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Home » I Once Loved A Lass (Orkney Blackening)

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Sikkersnapper - I Once Loved A Lass. Cover art by Martin Laird showing a red strawberry standing out against green seaweed. An allusion to the ancient rhyme contained within the song lyrics.

I Once Loved A Lass (Orkney Blackening)

I Once Loved A Lass (Orkney Blackening)

I Once Loved A Lass, aka The False Bride, is an ancient ballad generally thought to be Scottish, but which is also known in England and may originate there (or the Borders). There are many variations, adapted by countless musicians, but it certainly has the feel of an English ballad. The lyrics pose what is supposedly the oldest riddle in the English language:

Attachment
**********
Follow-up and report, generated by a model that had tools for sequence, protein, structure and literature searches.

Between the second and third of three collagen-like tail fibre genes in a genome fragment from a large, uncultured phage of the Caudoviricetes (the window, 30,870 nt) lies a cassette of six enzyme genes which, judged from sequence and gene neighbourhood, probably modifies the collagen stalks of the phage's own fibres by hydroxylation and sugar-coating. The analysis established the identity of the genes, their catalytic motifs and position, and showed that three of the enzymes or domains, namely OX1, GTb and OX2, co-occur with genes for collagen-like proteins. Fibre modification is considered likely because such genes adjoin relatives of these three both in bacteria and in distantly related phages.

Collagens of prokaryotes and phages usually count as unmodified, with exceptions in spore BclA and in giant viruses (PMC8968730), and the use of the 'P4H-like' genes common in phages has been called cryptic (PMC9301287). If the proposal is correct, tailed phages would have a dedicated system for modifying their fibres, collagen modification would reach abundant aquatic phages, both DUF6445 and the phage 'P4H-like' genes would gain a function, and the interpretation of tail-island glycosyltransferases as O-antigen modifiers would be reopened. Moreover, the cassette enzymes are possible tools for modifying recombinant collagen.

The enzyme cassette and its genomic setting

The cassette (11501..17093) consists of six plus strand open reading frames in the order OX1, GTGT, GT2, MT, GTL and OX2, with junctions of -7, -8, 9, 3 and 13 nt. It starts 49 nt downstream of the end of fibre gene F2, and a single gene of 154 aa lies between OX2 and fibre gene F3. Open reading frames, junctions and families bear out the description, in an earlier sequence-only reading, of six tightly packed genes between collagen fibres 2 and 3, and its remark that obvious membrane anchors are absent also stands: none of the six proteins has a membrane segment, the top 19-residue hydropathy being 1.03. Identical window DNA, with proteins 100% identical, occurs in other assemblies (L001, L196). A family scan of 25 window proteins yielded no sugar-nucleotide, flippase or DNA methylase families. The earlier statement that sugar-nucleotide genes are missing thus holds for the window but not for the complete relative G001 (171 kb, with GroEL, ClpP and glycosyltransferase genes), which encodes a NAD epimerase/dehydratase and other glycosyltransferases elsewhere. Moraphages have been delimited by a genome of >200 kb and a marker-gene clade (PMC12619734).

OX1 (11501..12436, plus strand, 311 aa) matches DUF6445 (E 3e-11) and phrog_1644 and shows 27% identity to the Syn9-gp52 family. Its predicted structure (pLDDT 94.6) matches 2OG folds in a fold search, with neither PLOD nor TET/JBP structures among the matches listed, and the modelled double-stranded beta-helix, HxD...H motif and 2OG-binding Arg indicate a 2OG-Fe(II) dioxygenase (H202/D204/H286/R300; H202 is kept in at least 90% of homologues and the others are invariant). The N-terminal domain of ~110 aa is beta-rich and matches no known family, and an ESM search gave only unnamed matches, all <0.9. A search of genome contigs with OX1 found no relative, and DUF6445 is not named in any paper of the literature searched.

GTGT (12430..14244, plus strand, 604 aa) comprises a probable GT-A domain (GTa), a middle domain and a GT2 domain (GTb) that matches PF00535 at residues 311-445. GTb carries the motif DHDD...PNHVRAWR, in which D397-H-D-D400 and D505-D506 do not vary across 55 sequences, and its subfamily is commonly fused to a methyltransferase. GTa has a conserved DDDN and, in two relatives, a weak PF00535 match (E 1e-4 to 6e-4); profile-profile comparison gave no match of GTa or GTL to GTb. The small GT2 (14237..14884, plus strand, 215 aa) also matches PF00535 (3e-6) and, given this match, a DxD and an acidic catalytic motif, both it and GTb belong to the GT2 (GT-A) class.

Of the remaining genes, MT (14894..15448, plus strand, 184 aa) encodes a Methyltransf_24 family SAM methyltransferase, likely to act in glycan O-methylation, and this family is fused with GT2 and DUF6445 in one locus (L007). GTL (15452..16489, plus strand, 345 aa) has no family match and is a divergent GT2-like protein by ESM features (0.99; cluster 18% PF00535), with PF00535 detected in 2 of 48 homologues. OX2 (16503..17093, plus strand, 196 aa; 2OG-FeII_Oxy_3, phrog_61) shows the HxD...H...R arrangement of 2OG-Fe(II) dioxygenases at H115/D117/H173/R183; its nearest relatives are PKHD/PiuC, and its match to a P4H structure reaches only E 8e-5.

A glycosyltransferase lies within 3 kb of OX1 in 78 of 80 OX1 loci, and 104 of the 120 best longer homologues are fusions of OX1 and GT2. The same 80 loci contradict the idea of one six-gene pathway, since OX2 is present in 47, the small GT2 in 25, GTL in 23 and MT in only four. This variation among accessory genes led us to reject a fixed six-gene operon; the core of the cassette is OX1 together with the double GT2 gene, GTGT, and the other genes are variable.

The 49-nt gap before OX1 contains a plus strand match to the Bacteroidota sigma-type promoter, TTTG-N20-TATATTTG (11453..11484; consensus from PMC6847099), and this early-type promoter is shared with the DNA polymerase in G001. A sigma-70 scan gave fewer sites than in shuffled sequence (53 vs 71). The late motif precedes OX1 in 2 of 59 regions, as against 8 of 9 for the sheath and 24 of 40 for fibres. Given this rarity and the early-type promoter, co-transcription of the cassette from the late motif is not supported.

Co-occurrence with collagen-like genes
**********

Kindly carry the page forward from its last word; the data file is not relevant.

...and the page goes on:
“The men o’ yon forest, they askit o’ me,
How many strawberries grow in the saut sea?
I askit ’em back wi’ a tear in my e’e,
How many ships sail in the forest?”

I Once Loved A Lass (traditional)

The arrangement of this song by Sikkersnapper includes field recordings of an Orcadian blackening. A blackening is a pre-wedding ritual found in parts of North-East Scotland. The bride and/or groom are tarred and feathered and paraded around town on the back of a flatbed truck (presumably this would have been a horse-drawn cart in days gone by) with much shouting and little sobriety. They are then tied in a prominent place for public humiliation – often the Merkit Cross infront of St. Magnus Cathedral in Kirkwall.

Listen and purchase on Bandcamp now. Streaming platforms to follow at a later date.